The ACLU of Rhode Island today entered an appearance in federal court on behalf of Sirak Gebremichael, an Ethiopian immigrant who has been imprisoned for three years by the federal immigration service (“BICE”) solely because he overstayed his visa. The ACLU called Gebremichael’s case the latest example of the federal government’s “low regard” for the rights of immigrants.
Gebremichael was first taken into custody in May, 2001, a year after his three-year visa to be in the country expired. He agreed to his deportation, but an immigration court held that he could be imprisoned pending that action because he presented “a danger to the community.” That finding was based on a Massachusetts warrant charging him with “annoying a person of the opposite sex,” a misdemeanor, even though he had never been convicted of any crime. However, for over 15 months, BICE did nothing to either deport him or to reconsider his jailed status. It was only after Gebremichael filed a habeas corpus petition in January of this year that BICE finally got back in touch with the Ethiopian embassy to try to arrange for his deportation. But in April, with still no change in Gebremichael’s status, U.S. Magistrate Judge Robert Lovegreen granted his petition for release, calling the case “nothing short of Kafkaesque.” In his written opinion, Lovegreen noted: “To have a man without a criminal history … languishing in jail in a foreign country, imprisoned by a system he does not understand, disadvantaged by language difficulties, and apparently guilty of nothing more than overstaying his visa, is unconscionable.”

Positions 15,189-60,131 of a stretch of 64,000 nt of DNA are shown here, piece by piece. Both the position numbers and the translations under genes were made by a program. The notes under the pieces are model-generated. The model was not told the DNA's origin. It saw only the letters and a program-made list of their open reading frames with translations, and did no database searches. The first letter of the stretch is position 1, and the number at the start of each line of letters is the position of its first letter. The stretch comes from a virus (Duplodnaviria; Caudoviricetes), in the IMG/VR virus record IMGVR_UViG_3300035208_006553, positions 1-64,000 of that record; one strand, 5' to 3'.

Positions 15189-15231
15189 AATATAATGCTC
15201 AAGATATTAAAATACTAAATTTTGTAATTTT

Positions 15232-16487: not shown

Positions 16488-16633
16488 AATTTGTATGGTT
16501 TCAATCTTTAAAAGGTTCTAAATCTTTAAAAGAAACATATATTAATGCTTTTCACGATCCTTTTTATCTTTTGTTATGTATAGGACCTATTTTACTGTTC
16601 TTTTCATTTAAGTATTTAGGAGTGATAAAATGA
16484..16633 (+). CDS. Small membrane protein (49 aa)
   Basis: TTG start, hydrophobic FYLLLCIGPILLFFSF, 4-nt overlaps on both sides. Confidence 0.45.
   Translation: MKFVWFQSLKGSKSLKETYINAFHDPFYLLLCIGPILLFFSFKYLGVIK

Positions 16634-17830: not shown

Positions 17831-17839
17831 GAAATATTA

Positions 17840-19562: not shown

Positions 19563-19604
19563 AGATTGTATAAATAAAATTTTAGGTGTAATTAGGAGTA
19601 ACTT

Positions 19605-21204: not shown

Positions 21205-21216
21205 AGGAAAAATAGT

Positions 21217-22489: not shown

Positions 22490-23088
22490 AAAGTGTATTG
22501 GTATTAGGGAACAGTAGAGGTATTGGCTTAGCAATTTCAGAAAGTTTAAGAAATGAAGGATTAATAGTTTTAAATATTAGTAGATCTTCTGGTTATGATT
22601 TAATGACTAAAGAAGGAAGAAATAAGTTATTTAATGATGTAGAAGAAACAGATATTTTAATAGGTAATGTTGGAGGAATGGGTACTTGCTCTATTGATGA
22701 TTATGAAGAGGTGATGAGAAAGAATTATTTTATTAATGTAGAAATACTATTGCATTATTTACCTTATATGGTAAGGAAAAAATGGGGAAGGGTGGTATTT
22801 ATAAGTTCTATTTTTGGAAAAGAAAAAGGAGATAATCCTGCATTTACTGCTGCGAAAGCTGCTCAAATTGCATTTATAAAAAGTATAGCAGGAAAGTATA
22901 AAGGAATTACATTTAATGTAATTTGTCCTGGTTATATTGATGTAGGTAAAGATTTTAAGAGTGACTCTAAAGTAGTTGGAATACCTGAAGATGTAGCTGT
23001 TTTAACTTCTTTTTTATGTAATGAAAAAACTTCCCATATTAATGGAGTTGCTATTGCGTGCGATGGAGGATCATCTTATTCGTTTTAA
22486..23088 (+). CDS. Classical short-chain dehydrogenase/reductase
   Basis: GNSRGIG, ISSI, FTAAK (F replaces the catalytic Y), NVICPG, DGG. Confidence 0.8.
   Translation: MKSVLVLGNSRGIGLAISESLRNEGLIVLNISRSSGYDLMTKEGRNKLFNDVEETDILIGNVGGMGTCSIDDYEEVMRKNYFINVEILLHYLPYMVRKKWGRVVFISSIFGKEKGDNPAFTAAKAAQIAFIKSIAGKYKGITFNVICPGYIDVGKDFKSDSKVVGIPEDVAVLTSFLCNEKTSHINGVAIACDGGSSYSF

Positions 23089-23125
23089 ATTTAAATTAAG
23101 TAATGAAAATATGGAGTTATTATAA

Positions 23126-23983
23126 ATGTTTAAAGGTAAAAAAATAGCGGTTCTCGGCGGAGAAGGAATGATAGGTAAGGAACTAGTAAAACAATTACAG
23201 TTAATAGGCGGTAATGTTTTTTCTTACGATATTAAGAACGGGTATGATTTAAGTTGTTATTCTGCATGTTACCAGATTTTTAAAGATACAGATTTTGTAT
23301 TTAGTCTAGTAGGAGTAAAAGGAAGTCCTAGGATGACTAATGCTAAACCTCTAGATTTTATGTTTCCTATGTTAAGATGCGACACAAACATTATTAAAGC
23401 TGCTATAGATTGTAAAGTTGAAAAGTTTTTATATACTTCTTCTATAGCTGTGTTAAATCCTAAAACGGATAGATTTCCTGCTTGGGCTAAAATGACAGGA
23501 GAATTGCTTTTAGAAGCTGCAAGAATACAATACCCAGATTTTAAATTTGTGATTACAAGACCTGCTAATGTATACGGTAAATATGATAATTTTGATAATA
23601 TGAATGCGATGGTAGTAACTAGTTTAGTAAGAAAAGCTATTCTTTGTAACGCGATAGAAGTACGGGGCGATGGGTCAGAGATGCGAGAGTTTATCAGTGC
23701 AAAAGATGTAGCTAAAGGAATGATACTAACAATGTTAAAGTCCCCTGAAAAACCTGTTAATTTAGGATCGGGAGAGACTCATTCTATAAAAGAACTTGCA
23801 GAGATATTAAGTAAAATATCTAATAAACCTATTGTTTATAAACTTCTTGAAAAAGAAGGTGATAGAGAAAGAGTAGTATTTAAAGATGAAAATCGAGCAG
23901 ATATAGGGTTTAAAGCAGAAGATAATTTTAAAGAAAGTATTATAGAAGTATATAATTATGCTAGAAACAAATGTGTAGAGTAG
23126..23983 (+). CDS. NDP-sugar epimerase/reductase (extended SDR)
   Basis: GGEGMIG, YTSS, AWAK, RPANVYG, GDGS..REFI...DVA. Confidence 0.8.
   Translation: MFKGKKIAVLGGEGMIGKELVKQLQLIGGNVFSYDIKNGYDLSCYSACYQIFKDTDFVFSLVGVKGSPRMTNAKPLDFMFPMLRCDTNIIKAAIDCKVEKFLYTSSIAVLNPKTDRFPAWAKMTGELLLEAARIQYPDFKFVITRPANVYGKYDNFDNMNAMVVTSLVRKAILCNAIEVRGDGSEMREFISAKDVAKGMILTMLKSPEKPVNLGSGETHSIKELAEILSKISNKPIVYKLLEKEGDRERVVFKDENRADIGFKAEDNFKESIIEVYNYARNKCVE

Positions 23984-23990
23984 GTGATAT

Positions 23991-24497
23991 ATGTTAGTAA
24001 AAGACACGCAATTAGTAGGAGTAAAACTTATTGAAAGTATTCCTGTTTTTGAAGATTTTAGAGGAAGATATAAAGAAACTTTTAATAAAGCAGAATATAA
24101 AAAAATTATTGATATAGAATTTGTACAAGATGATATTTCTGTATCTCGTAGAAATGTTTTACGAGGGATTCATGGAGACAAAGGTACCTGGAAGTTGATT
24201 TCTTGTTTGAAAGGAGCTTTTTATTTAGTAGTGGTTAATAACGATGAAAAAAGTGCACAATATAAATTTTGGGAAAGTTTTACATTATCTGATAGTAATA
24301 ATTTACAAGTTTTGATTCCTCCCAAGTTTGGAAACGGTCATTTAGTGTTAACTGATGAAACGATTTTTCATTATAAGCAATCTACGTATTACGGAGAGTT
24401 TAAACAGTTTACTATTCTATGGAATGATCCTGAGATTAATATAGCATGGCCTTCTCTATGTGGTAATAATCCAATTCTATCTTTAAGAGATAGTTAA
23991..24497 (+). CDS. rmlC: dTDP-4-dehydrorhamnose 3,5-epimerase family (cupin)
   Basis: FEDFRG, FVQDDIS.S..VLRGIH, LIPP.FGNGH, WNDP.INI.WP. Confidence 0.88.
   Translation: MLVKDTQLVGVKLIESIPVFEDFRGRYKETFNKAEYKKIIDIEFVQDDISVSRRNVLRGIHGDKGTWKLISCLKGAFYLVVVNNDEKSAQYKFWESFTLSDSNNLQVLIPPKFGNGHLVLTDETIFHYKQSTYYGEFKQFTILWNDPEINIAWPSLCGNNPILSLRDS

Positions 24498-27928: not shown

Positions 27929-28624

The government appealed Lovegreen’s ruling, filing an April 20th declaration that proper papers to deport Gebremichael would be available “in two weeks.” But on June 3, with Gebremichael still in jail, U.S. District Court Judge Ernest Torres affirmed Lovegreen’s ruling, and gave the government until June 10th to deport him before authorizing his release. That apparently has not happened, so a hearing is scheduled tomorrow on bail conditions for his release. After learning about his case last month, the ACLU agreed to assist Gebremichael in obtaining his freedom.
RI ACLU volunteer attorney Randy Olen said today: “While Mr. Gebremichael’s situation is indeed Kafkaesque, it is hardly unprecedented. In this case, the Government’s recent belated attempts to convince the Court that it can now deport him – assurances that to this very day have proven unfounded – only serve to highlight its shameful conduct over the preceding 15 months, in which it violated its legal obligations by simply ignoring Mr. Gebremichael while he languished in BICE custody. The low regard in which BICE appears to hold immigrants’ fundamental interest in personal liberty is at odds with this nation’s most cherished ideals.” Echoing those comments, RI ACLU executive director Steven Brown noted that Gebremichael is at least the third immigrant detainee the Affiliate has represented under similar circumstances of indefinite confinement.